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Parliamentary supremacy

Parliamentary supremacy is Parliament's right to make whatever laws it chooses. It is derived (according to Dicey, originator of the concept) from the popular election of MPs. It may be questioned therefore, whether Europe should usurp it.

However, the customary references to parliamentary supremacy are somewhat misleading since the only thing that reigns supreme is the statute - we have statutory supremacy - even post Pepper v. Hart, the debates in Parliament can only be used in certain limited circumstances and even then they are nothing more than aids that need not be used, albeit aids with a somewhat greater weight than usual.

Parliamentary supremacy essentially originates with the Bill of Rights 1689.

As to the insusceptibility (or otherwise) of parliamentary supremacy, the Court of Appeal in Blackburn v. Attorney General 1971, rejected the argument that to join the European Community would be an illegal surrender of sovereignty, saying that Parliament "can enact, amend and repeal any legislation it pleases."

However, many things act so as to make parliamentary supremacy illusory - international treaty obligations mean that certain legislation would never be passed. In addition, the European Convention on Human Rights and the Human Rights Act (with its provision for statements that legislation is incompatible with the Convention), although not obligating rectification of non-compliant legislation, effectively mean that parliamentary supremacy is largely symbolic. Even so, its importance is such that in the passage of the Human Rights Bill, opportunities to allow judges to strike down offending legislation were spurned.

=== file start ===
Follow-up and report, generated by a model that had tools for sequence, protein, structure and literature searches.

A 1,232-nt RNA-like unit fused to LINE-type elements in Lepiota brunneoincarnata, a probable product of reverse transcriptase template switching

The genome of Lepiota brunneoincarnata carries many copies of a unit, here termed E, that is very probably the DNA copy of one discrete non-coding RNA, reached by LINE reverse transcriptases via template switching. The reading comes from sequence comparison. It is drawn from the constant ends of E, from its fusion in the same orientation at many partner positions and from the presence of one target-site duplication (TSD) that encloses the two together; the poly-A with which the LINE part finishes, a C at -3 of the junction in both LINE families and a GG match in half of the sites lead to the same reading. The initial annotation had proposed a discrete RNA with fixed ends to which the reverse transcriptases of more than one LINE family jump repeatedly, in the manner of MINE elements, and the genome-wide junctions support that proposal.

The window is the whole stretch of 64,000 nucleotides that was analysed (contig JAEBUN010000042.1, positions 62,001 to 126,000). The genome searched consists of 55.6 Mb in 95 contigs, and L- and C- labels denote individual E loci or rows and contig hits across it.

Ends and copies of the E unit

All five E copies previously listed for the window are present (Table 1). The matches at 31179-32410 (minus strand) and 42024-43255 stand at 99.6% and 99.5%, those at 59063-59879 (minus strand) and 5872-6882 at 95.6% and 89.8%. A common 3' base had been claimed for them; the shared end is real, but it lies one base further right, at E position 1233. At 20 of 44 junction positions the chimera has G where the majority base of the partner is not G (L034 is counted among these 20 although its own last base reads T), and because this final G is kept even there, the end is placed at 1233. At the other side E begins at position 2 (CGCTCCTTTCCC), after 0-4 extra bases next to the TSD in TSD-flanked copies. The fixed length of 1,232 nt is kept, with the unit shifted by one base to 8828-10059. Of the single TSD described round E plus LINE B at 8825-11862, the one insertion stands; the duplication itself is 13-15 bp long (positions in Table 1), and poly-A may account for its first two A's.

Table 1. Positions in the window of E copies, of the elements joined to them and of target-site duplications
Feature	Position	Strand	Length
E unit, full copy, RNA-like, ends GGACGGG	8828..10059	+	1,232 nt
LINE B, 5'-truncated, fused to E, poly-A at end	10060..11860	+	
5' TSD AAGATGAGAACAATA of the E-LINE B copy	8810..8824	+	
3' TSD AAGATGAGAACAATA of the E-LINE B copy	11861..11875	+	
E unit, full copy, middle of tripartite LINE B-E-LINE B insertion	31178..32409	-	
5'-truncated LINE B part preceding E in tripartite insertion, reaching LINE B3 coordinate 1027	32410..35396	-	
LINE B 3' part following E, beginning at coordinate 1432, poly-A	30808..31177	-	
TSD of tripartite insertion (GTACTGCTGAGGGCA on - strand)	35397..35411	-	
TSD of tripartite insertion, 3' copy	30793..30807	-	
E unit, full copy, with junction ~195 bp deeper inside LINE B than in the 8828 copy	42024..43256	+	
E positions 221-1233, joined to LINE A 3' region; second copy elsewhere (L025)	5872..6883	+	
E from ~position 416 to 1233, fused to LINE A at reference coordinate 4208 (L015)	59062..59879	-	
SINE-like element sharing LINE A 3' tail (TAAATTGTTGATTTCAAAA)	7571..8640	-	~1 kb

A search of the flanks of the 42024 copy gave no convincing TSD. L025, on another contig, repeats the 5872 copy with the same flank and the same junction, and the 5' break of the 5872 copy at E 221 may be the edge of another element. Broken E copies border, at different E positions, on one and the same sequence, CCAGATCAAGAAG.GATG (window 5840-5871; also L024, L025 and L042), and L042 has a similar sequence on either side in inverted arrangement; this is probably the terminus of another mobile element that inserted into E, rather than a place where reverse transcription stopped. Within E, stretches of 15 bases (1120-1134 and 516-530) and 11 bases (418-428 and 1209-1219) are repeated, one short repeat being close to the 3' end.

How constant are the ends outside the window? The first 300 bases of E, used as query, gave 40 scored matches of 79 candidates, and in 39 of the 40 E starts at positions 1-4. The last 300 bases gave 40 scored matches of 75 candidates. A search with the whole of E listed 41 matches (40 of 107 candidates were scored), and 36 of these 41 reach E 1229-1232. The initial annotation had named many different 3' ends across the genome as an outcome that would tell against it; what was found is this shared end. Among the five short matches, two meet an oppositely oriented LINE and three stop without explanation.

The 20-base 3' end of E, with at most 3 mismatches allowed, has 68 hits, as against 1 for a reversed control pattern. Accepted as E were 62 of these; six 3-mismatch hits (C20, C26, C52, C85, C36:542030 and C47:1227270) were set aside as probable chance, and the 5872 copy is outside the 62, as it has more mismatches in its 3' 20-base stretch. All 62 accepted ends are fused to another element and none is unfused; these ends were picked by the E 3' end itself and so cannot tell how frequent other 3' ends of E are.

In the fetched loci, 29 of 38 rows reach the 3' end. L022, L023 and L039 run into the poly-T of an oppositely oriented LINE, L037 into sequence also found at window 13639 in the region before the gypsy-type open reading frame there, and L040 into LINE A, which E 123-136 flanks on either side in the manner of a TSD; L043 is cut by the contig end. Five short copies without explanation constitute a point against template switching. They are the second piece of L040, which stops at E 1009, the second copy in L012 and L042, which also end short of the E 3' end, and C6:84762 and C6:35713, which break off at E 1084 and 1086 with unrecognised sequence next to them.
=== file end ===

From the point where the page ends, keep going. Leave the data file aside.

Membership of the EU is a derogation from parliamentary sovereignty in practice, even if not in theory, since all of the EU's powers flow from Parliament's sovereignty by way of the original Act, and therefore Parliament retains ultimate sovereignty.

There is a limited retention of parliamentary sovereignty in many areas of European concern, since the UK has limited powers to determine penalties for breach of EU law, and since the option is often left open in directives not to implement parts of the directive.

An example of the seriousness of the battering that parliamentary sovereignty has taken was seen in the Factortame 1991 case, where the House of Lords suspended, in a serious derogation from the traditional doctrine of parliamentary supremacy, the Merchant Shipping Act 1988, while awaiting the European Court of Justice's judgment.